Do you agree with the new safety rules at school?
Don’t give away your
personal biases in a question.
Do you like the plans for the community youth center?
- Phrase questions/statements in your own words – something that you know your peers will understand and respond to.
How many times a week do you NOT wear your safety belt?
- Whenever possible, give multiple choice answers or use a rating system so that students can pick the best description.
How often have you driven a motor vehicle after having more than 1 drink?
- 1-3 times
- 4-6 times
- More than 7 times
On a scale of 1-5 (1 being not very important, 5 being very important). How important do you believe it is to use your seat belt if the car you are driving has air bags?
- You can discover students’ priorities by having them rank a list of options, or giving their own answers in ranked order.
Rank these 5 options in order of your personal preference. What drug and alcohol-free event should SADD sponsor this spring?
- ____ Pool party
____ Mock Crash
- Keep the survey short. Think about when students are going to fill these out. Do you have them as a captive audience like in class, or are you going to stop them in the halls. Ask yourself, would I personally take the time to fill out this survey under these conditions? While there are no rules, a good guideline is less than 10 questions, or less than 1-minute response time.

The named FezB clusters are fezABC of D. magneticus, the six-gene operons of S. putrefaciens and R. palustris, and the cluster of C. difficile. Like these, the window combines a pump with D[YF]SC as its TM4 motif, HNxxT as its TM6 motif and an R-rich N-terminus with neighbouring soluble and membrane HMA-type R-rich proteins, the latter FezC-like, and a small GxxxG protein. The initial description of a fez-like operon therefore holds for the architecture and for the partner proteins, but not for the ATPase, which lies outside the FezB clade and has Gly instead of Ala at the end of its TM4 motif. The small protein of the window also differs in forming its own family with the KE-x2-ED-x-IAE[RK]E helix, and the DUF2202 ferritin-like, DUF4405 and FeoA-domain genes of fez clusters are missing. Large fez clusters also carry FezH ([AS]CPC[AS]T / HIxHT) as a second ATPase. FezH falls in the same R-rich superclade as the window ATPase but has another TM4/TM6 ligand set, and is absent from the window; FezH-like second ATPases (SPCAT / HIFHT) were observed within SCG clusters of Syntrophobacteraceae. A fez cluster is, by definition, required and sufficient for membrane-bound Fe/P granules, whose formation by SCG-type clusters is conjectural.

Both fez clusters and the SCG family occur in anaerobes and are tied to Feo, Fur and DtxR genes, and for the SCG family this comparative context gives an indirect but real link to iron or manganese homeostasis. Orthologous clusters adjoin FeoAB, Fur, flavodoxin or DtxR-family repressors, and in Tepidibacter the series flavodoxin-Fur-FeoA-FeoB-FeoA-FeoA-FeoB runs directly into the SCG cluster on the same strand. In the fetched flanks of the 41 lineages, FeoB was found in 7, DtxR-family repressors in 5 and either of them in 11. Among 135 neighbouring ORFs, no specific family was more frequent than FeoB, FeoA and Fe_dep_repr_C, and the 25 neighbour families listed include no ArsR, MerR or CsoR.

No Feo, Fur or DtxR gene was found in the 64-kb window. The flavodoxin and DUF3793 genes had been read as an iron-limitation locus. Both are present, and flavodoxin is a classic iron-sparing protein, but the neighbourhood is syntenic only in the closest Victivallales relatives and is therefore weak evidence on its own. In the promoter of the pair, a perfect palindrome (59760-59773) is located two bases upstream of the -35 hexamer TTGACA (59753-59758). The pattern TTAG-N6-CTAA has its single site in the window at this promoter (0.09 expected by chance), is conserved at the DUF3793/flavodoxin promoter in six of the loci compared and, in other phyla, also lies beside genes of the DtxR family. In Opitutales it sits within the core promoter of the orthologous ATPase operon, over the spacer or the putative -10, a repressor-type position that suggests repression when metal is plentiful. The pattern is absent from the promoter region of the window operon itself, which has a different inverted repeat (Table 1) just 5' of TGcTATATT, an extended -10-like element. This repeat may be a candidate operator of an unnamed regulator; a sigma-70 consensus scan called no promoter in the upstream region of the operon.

- Make sure that your survey is distributed to the full range of the population you want represented. Be sure to include members of a wide range of clubs, organizations, age groups, gender, race, etc. You can’t claim to represent the desires of your high school if you only survey female freshman or varsity football players.
- Get as large a survey sample as possible. The larger the sample surveyed the more reliable your results will be. At least 10% of your total target population would be a good starting point. Ask questions that will help you separate the results by male/female and possibly the year in school if that might be helpful.
The third step is to map out the assets and deficiencies of your community. Community mapping asks the question: what resources are available in my community for youth? And, what youth needs are not being met? Using all the material you have gathered, make a list below of the assets your community provides as well as its deficits.